Wang, who out-rates Yuffa by almost two-hundred points, proved his nominal superiority by winning both 10-minute encounters. In game one, the Chinese grabbed a pawn in the opening and — although White seems to have enough compensation — converted his material advantage after 52 moves. Yuffa needed to win on demand with Black, a circumstance which typically ends badly against players of Wang's calibre:

 

It was apparent during the live broadcast that Yuffa thought he had 33...♛b6+ here, but in that case 34.♕e3 (and not 34.♔xe2) resists Black's attack. The Russian opted for 33...e3+, but after 34.xe2 there is no way to mate the white king. Resignation came shortly after.

 

Daniil Yuffa

Daniil Yuffa | Photo: John Saunders

The Esipenko v Paravyan semi-final was much more dramatic. The first two games were drawn after both players got good chances with the white pieces but refrained from taking unwarranted risks. And when the blitz kicked off, first it was Esipenko, with Black, who failed to make the most of a huge advantage:

 

White had blundered a pawn in the opening, leaving Black with a strong passer on the b-file, but Paravyan, instead of passively defending a miserable position, never stopped creating problems for his opponent. At this point, nonetheless, Black's position is so overwhelming that going for tactical shots like 33...♞xe5 or 33...f5 already works. We cannot blame Esipenko for not finding these moves in a blitz game, though.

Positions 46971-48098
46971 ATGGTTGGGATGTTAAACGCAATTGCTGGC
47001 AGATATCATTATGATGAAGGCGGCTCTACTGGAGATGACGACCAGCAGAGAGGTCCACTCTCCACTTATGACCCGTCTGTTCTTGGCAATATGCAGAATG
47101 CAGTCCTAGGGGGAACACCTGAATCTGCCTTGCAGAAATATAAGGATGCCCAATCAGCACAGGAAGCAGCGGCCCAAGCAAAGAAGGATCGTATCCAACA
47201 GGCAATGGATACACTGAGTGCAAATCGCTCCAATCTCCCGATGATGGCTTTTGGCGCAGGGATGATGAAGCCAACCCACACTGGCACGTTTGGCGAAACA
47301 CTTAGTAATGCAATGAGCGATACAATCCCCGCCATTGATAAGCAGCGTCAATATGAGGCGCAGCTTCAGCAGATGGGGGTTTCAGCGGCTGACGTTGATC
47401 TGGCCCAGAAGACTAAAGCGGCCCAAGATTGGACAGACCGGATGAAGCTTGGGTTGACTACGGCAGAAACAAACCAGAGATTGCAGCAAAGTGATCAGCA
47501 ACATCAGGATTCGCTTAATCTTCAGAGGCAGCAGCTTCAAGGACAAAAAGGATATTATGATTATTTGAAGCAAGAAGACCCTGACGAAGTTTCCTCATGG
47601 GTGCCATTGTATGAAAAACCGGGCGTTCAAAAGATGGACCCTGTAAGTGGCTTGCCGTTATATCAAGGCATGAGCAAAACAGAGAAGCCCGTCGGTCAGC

In the end, Paravyan's active defence worked out well, and when the draw was signed Esipenko was visibly frustrated with the missed chance.

David Paravyan

David Paravyan | Photo: John Saunders

Much like in the first pair of games, however, the symmetry remained among the compatriots, as Paravyan also failed to convert a winning position in the rematch. Only Armageddon would decide who would go to the final. Paravyan got 6 minutes and the white pieces against Esipenko's five minutes and draw odds with Black. The younger of the Russians (Esipenko is 17) started to lose the thread around move 15 and eventually lost a piece:

 

Black continued to look for ways to muddy the waters with 29...c3 30.f1 c5, but Paravyan reacted well under the pressing circumstances, choosing to keep things under control with 31.a2 xe5 32.dxe5. The game continued until move 58, but White never blundered away his advantage.